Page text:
Motorbike drivers in plastic ponchos squint through a morning shower and a bright mosaic of umbrellas hovers like a cloud above sidewalk pedestrians.
A block away, the tiled roofs, dormers, and upstairs terraces of the Tianzifang neighborhood seem to be huddled together against the rain.
Beneath them is a squat collection of buildings separated only by occasional entrances to narrow lanes. These are among the few authentic remains of Shanghai’s former French Concession.
It was established seven years after the British first arrived in 1842, and occupied a strip of land between the British Concession and Old Shanghai. It was later expanded to stretch further inland.
The French at first joined the merger of British and American interests that became the International Settlement, but soon withdrew from the consortium. One result is that the French Concession developed its own unique style.
Beginning in the 1920s, resident British and American merchants began to build more spacious houses in the newer part of the French Concession.
Already the center of Catholicism in Shanghai, the area soon developed into the city’s premier residential and retail district.
It also began to attract residents of other nationalities, among which Russians were among the most prominent.
The first émigrés arrived in the wake of Russia’s 1917 revolution and another wave followed the Japanese occupation of Manchuria in 1931.
The Russians presence in Shanghai was large enough that two of their Orthodox churches remain standing.
Invading Japanese forces at first declined to occupy the foreign settlements, and nearly a million Chinese fled to the protection of the French Concession. Their refuge was short-lived.
In 1943, the Vichy French signed the territory over to the Japanese puppet government in Nanking, a transfer reaffirmed by France’s post-war government in 1946.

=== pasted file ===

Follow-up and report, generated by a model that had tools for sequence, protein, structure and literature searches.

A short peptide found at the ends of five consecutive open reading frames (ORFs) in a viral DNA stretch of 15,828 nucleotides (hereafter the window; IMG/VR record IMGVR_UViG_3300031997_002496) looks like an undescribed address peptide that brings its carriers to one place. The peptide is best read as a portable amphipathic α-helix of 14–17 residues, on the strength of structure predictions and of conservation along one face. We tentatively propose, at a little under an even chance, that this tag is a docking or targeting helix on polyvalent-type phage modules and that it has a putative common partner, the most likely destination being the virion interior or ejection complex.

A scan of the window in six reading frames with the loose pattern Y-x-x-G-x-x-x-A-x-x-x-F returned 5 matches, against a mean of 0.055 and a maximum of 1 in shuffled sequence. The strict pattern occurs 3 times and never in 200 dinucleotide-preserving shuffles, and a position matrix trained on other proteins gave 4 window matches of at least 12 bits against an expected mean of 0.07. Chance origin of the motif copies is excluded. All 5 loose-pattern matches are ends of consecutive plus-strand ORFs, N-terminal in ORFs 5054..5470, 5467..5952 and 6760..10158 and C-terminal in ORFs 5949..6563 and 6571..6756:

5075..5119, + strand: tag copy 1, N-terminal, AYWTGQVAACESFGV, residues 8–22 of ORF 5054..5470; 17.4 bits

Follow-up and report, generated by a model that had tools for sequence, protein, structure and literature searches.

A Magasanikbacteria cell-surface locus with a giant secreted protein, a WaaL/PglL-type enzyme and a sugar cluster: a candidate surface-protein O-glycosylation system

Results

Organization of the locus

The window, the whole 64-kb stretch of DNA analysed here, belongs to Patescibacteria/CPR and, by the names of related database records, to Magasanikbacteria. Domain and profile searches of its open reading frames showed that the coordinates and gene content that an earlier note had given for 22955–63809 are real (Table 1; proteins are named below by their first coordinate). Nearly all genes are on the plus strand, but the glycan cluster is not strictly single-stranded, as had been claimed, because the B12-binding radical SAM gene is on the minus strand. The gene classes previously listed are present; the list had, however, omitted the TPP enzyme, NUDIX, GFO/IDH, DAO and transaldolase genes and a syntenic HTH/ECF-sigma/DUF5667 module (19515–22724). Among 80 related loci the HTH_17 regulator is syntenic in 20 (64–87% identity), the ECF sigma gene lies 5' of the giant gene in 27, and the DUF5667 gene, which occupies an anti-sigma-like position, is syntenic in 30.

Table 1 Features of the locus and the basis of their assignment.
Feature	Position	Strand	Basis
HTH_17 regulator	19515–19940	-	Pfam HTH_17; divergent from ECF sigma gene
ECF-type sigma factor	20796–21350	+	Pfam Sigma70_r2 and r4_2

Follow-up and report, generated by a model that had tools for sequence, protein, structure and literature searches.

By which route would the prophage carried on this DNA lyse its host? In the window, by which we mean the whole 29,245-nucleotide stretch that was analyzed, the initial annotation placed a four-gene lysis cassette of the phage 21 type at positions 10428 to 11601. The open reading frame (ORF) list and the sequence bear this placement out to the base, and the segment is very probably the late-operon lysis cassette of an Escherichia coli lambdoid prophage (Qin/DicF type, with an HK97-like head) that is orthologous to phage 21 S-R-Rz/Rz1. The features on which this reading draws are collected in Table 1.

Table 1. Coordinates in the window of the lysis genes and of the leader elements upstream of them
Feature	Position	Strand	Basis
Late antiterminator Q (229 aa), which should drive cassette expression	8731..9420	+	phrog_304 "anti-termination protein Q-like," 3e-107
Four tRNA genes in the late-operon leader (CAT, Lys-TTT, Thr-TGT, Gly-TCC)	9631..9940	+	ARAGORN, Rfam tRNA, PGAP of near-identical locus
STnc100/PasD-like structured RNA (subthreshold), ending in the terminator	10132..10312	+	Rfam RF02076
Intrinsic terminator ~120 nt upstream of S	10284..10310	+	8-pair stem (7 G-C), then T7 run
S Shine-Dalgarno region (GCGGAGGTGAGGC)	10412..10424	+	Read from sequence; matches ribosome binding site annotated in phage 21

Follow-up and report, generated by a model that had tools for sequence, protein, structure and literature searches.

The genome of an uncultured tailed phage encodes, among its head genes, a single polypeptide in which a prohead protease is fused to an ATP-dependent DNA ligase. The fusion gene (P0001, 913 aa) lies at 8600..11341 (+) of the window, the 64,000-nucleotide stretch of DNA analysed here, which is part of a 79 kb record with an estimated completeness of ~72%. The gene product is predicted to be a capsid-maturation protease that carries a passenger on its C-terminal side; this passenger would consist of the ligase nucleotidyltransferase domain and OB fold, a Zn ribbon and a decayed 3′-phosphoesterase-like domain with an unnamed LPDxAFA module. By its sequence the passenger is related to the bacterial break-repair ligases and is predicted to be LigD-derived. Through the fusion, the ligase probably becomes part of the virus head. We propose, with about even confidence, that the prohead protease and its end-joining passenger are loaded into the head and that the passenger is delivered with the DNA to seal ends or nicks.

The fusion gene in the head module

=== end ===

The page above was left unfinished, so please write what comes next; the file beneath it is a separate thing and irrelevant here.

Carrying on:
The Concession remained largely unchanged during the early decades of Communist rule, but unregulated redevelopment in the late 1980s and early 1990s tore many of its old neighborhoods apart.
The former French Club and its gardens were gutted to make room for the high-rise Okura Garden Hotel. It was not until early in this millennium that the government began to enforce more stringent development and planning controls.
Today, fewer than ten per cent of the Concession’s original structures remain. That the Tianzifang neighborhood has survived at all is due to efforts of local business owners, residents, and artisans to block demolition plans.
This part of the Concession was built in the 1930s as a residential district in an architectural style called Shikumen that originated in Shanghai.
It’s crisscrossed by intimate lanes that are today lined with art galleries, craft stores, and design studios.
Despite the trendy foreign goods displayed many of their shelves, this place retains much of its original look and feel. There’s an eclectic collection of cafés, tea houses, bars, and restaurants which serve almost every Asian cuisine, as well as European and American foods.
Wandering this maze is like taking a walk through the Kasbah. There are no through walkways and every lane seems to end in yet another. It’s hard to get lost, though, because nothing is more than a few blocks from a main street.
Just when it seems that there’s nothing more to see, the entrance to the local farmers’ market appears and even from the street it begs to be explored… but that’s for the next post.
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